The POP3 component 210 in this embodiment typically downloads email messages from the server 110 through the network interface 160, and stores the email messages in non-volatile storage which may be referred to as a mail store 220. A rules engine 230 sorts and filters the email messages according to specified rules before the email messages are deposited in the mail store 220. For example, one rule may stipulate that each email message should be examined to determine if the message is “spam,” and another rule may specify that any message from a certain sender should be automatically deleted, etc. Note, the POP3 server in this embodiment can be set up to retrieve messages for more than one email account. Further, the term “spam” is being used to generally refer to any undesired email message that may be sent to a user, including unsolicited email messages, offensive email messages, etc., among others. Accordingly, spam messages may be sent from commercial and non-commercial senders.
User interface logic 240 included within the email application 155 can retrieve the messages from the mail store 220, format the information, and send the formatted information to the I/O display device 150. In particular, user interface logic 240 of this embodiment, among others, of the present invention is configured to parse the data retrieved from mail store 220. Specifically, user interface logic 240 can separate email messages according to an associated “To:” email address or “From:” email address, and display multiple mailboxes corresponding to several email addresses. User interface logic 240 is also preferably configured to display identification and summary information from each of the mailboxes, such as sender name and subject identification, as well as a summary of how many messages are contained in each of the subfolders of the mailboxes, among others. One skilled in the art will recognize that in practice, user interface logic 240 typically calls various functions within the operating system that are relayed through the processor 152 before being sent to the display device 150.
In addition to the selection buttons 310, 315, 320, 325, 330, 335 the message center 300 includes a display screen 345, which displays identifications 346 of received email messages in an identification pane 347 and preferably displays a preview pane 350 having a preview of a selected email message for an active persona (e.g, Joe, Sr., as opposed to Joe, Jr., as shown). The display screen 345 also includes message response options 348 such as replying to the email message, forwarding the email message, reading the full email message (rather than merely previewing the email message in the preview pane), deleting the email message, or printing the email message. For example, if the user selects the read selection button 349, then a read window (not shown) is launched or instantiated as is commonly understood in the art. As known to those skilled in the art, there are many different ways to facilitate reading and writing a message, and the invention presented herein should not be limited to a particular method for displaying the text of a message or for composing a message.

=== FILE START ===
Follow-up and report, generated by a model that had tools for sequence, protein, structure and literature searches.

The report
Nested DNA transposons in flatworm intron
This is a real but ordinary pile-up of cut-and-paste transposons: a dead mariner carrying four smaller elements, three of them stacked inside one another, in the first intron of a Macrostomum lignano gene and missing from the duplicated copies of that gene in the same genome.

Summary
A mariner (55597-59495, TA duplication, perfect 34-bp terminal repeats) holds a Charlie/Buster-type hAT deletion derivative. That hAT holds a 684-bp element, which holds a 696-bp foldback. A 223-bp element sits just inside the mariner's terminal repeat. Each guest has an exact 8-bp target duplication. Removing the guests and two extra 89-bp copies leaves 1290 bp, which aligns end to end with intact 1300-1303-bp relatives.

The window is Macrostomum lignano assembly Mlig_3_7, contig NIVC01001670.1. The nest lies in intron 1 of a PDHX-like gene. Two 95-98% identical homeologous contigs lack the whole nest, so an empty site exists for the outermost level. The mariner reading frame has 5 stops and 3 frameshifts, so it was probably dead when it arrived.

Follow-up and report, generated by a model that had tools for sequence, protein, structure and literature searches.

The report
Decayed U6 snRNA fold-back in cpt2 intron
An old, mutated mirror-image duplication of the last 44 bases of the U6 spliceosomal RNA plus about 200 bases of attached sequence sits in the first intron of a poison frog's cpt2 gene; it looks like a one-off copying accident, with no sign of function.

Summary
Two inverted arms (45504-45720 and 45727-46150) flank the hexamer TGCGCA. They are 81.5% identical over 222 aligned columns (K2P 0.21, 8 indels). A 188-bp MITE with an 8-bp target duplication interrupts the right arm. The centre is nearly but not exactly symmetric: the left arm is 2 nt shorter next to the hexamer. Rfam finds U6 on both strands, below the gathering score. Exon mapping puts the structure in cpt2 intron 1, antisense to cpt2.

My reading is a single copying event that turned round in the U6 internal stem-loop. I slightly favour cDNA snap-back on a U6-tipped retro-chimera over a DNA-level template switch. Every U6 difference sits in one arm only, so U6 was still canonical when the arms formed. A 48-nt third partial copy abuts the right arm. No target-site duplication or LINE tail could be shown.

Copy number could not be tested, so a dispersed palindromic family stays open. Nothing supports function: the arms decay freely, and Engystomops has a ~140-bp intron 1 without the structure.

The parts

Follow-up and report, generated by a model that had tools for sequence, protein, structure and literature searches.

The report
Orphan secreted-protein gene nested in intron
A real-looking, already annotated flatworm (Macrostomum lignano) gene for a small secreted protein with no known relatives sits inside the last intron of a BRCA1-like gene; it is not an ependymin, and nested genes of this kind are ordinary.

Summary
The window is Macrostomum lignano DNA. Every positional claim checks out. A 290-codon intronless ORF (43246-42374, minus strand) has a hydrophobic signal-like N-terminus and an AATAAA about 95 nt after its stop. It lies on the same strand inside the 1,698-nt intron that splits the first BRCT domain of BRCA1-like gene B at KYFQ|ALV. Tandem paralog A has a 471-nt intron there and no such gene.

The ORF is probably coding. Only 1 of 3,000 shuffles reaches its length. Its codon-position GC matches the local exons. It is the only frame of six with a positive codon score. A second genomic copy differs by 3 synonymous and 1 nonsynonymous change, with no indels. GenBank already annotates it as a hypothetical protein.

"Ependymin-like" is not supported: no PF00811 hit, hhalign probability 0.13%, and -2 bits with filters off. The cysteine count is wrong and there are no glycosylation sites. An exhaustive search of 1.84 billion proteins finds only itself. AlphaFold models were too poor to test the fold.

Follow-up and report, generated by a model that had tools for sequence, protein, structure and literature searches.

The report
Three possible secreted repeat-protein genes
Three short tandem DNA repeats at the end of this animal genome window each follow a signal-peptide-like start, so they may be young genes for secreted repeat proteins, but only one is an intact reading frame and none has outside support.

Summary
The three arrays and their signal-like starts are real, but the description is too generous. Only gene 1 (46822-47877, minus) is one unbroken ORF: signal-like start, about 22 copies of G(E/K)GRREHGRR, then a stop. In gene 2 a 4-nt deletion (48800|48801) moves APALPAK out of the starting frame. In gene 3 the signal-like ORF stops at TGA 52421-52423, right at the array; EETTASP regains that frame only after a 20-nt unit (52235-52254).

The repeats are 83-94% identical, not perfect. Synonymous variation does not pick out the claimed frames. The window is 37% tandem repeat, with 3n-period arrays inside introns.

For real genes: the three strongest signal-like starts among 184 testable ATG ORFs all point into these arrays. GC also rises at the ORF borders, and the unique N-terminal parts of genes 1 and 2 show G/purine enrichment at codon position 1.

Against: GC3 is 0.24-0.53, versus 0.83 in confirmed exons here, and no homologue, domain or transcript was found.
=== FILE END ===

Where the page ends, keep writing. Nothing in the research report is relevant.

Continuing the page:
The message center 300 also includes a folder list 305 having a plurality of folders which have various email messages that may be organized according to message type, such as an inbox folders 305 a, spam folder 305 b, drafts folder 305 c, outbox folder 305 d, saved items folder 305 e, trash folder 305 f, etc. The message center 300 currently shows, for example, a folder list for Joe Sr. 305 and a folder list for his adolescent son, Joe Jr. 306. Note, the folder list of Joe. Jr. preferably does not have a spam folder. Accordingly, in some embodiments, spam messages that are intended for Joe. Jr. are automatically placed in the spam folder 305 b of another user, such as a parent Joe. Sr. This operation is discussed later in reference to tag identifiers for spam messages.
Referring again to
The user interface 405 further comprises radio-style selection buttons 430 that may be selected to activate/deactivate a mechanism for removing incoming messages that are from unauthorized senders. For example, a user may select the top selection button to indicate that an incoming email message that is not from an authorized list of senders should be designated as spam and stored in the spam folder for the user (“Joe Sr.”) 305 b. Accordingly, the user may select the edit allow list selection button 440 to add and remove senders from the “allow list,” as shown below.
Referring back to
Referring back to
Referring again to
Accordingly, in some embodiments, among others, a user may specify various combinations of spam detection schemes to provide varying security levels of spam protection. For example, in the embodiment shown in